The classic Girl Scouts badge is getting a cutting-edge, cyber-age update. It was recently announced that a joint venture between the Girl Scouts of the USA and Palo Alto Networks would result in new cyber security badges that will represent achievement in the field of Internet security.
There will be 18 badges on offer, with Girl Scouts CEO Sylvia Acevedo freely admitting that the development of the cyber security program was due to advocating by current scouts, who are responding to the role technology plays in their lives.
It is a priority of the Girl Scouts leadership to boost interest in science, technology, engineering, and mathematics (STEM). Other current partnerships are with NASA and toymaker GoldieBlox, both are creating engineering curricula for girls.
Palo Alto Networks is, according to its website, a “… next-generation security company maintaining trust in the digital age by helping tens of thousands of organizations worldwide prevent cyber breaches.”
The Girl Scouts have an alumni list of women now holding power positions in Silicon Valley, including the CEO’s of YouTube (Susan Wojcicki), IBM (Ginni Rometty), and Eventbrite (Julia Hartz). Over a third of the people who have flown on Space Shuttle missions have been women who were Girl Scouts earlier in life.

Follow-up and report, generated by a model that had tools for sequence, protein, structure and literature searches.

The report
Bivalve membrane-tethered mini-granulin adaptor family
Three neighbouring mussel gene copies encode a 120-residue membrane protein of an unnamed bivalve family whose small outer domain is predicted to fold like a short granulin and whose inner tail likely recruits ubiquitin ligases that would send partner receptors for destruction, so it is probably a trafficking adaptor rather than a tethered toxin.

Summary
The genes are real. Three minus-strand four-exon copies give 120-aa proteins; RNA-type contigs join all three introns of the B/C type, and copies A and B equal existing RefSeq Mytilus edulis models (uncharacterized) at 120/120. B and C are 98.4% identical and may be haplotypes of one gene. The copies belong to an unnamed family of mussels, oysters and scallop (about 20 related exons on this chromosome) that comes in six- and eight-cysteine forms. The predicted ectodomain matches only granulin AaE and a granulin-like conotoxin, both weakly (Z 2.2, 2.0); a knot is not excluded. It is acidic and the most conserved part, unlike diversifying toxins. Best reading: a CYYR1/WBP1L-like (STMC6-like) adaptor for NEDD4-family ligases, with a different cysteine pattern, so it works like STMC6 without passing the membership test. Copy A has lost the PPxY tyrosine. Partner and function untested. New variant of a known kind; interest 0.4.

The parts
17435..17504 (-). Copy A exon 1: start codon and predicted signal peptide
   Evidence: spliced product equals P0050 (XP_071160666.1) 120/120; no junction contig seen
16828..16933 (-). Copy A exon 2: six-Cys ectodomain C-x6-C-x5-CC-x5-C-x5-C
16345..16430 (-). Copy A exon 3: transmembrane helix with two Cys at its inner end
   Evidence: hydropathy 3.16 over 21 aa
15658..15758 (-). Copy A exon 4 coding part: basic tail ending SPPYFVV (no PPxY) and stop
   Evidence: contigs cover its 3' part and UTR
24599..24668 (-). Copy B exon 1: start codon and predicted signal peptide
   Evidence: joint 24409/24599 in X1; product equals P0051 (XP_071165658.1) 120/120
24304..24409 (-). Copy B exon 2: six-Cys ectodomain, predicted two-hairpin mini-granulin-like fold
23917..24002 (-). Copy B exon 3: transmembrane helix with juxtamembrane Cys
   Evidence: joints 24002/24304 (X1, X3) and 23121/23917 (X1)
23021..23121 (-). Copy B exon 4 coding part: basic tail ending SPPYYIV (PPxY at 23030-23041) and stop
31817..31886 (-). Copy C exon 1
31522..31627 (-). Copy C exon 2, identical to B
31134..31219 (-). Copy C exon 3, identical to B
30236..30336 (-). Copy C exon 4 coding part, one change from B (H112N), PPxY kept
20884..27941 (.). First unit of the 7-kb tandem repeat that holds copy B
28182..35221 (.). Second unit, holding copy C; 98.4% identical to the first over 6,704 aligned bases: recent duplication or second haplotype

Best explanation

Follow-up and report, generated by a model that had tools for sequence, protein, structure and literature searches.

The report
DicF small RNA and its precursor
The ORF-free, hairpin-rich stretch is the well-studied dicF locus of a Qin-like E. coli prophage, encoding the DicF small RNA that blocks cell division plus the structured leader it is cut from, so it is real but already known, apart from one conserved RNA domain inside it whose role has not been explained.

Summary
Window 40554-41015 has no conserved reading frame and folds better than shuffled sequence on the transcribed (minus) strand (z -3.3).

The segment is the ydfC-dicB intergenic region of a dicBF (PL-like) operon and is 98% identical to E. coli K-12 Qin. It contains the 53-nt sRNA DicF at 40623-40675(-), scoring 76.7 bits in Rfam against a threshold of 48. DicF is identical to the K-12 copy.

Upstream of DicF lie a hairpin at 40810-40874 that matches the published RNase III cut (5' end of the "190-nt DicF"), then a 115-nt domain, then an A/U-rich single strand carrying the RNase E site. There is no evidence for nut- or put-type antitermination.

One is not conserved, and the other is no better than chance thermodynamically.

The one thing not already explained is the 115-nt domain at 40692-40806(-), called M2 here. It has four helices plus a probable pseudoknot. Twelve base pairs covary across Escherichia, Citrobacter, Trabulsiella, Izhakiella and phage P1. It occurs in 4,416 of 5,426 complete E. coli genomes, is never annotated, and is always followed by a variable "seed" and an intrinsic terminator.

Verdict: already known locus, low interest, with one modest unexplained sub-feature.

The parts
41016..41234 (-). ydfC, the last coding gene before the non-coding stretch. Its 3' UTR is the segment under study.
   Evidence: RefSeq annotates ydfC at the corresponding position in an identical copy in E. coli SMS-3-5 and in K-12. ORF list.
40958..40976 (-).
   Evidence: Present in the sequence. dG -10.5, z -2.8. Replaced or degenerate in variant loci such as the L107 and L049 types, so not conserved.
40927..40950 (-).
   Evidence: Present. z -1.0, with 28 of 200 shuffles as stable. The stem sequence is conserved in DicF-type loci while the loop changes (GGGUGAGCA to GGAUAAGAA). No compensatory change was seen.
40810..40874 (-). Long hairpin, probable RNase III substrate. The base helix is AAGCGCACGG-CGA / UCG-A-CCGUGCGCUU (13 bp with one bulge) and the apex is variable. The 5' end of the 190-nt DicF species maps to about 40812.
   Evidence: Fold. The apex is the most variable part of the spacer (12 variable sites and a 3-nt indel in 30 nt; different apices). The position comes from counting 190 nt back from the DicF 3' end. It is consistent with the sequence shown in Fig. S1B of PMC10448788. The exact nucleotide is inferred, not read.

But in the current tech field, only about 18 percent of graduates majoring in computer science are women and only 10 percent of professionals in the information security sector are women.
One way of increasing those numbers is to provide mentorships with young women at a critical age. Research sponsored by Accenture and Girls Who Code reported that girls were 16 percent more likely to pursue computer science studies if they had mentors in middle school.
Acevedo has a strong STEM background herself, having worked at NASA’s Jet Propulsion Laboratory before forging a career in the tech field at IBM and Dell. She holds an advanced degree from Stanford in Systems Engineering.
The low percentage of women in the cyber security field is a growing issue, since there are currently about 300,000 vacant jobs in the sector. The need for professionals in cyber security is expected to grow by 1.5 million globally within the next five years and more women choosing the field is an obvious solution.